Next Year’s ‘It’ Plant Is Going to Make Your Place Look so Rich

Photo: Getty Images / aldomurillo
Fiddle leaf fig? Sorry. The Money Tree is poised to take over in 2020, according to Bloomscape's Plant Mom, Joyce Mast. "Many people believe that Money Trees signal good luck and good fortune to come. In fact, it is a popular plant in Feng Shui as it’s believed to create positive energy in a space," she says. I don't know about you, but after this year I am highly ready for some energy that isn't "deeply chaotic" or "gloomy" or "perpetual malaise." Plus, they're nice to look at with their braided trunks and vibrant, green leaves.

The Money Tree (Pachira aquatica) is native to Central and South America. In its natural habitat it can grow up to 60 feet tall—but the ones you bring home are usually about 1 to 8 feet tall. "The Money Tree is actually multiple trees painstakingly braided together during growth," Mast says.


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"Along with its status as a luck-magnet, money tree plants are incredibly easy to care for. They only require indirect light and infrequent watering, making it an easy plant for beginners," says Mast. Money Trees like medium to bright indirect light and humidity. And never feed them after midnight. (Jk.) According to Mast, you also want to turn it every time you water it to make sure that it grows evenly. It also prefers "deep but infrequent" watering, which means that you want to water it until water drips from the bottom, and wait until the top 2 to 4 inches of soil dry out before you water it again. The most common mistake new plant parents make is overwatering, says Mast.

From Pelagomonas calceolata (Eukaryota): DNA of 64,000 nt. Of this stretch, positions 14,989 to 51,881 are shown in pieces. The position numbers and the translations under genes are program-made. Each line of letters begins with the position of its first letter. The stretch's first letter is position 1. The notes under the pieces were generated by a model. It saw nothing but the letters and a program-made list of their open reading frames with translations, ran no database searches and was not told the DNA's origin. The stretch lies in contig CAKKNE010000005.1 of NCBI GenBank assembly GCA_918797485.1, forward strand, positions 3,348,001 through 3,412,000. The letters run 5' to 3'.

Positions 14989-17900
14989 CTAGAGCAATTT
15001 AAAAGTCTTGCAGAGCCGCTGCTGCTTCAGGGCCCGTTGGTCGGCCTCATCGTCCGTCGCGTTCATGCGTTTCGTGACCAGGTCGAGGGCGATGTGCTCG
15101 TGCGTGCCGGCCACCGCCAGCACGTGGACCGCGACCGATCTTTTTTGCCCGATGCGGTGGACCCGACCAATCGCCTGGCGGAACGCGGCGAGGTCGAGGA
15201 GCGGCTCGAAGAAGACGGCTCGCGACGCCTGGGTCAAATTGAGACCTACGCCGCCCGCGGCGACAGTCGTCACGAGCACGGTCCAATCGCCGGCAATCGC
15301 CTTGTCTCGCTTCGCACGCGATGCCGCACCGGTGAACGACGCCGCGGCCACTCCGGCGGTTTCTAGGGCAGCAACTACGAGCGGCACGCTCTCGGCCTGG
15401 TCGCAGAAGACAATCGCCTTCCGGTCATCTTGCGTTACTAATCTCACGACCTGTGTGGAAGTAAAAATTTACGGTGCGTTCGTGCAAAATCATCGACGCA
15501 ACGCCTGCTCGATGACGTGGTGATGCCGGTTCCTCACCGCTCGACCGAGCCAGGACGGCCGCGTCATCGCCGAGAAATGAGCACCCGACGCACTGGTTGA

Your new Money Tree isn't really a fan of change, but it will adapt slowly. This means do your best to keep it in the same spot. If you do move it, don't be alarmed if it loses a few leaves. It's basically the plant embodiment of this tweet. Maybe play it this plant playlist to calm it down. "The most common placement to promote wealth in your home is the southeast corner," Mast says. And I'm off to buy eight of these for my apartment.

Whoa—your plants aren't actually cleaning the air in your home. Here are some air purifiers that will, though.

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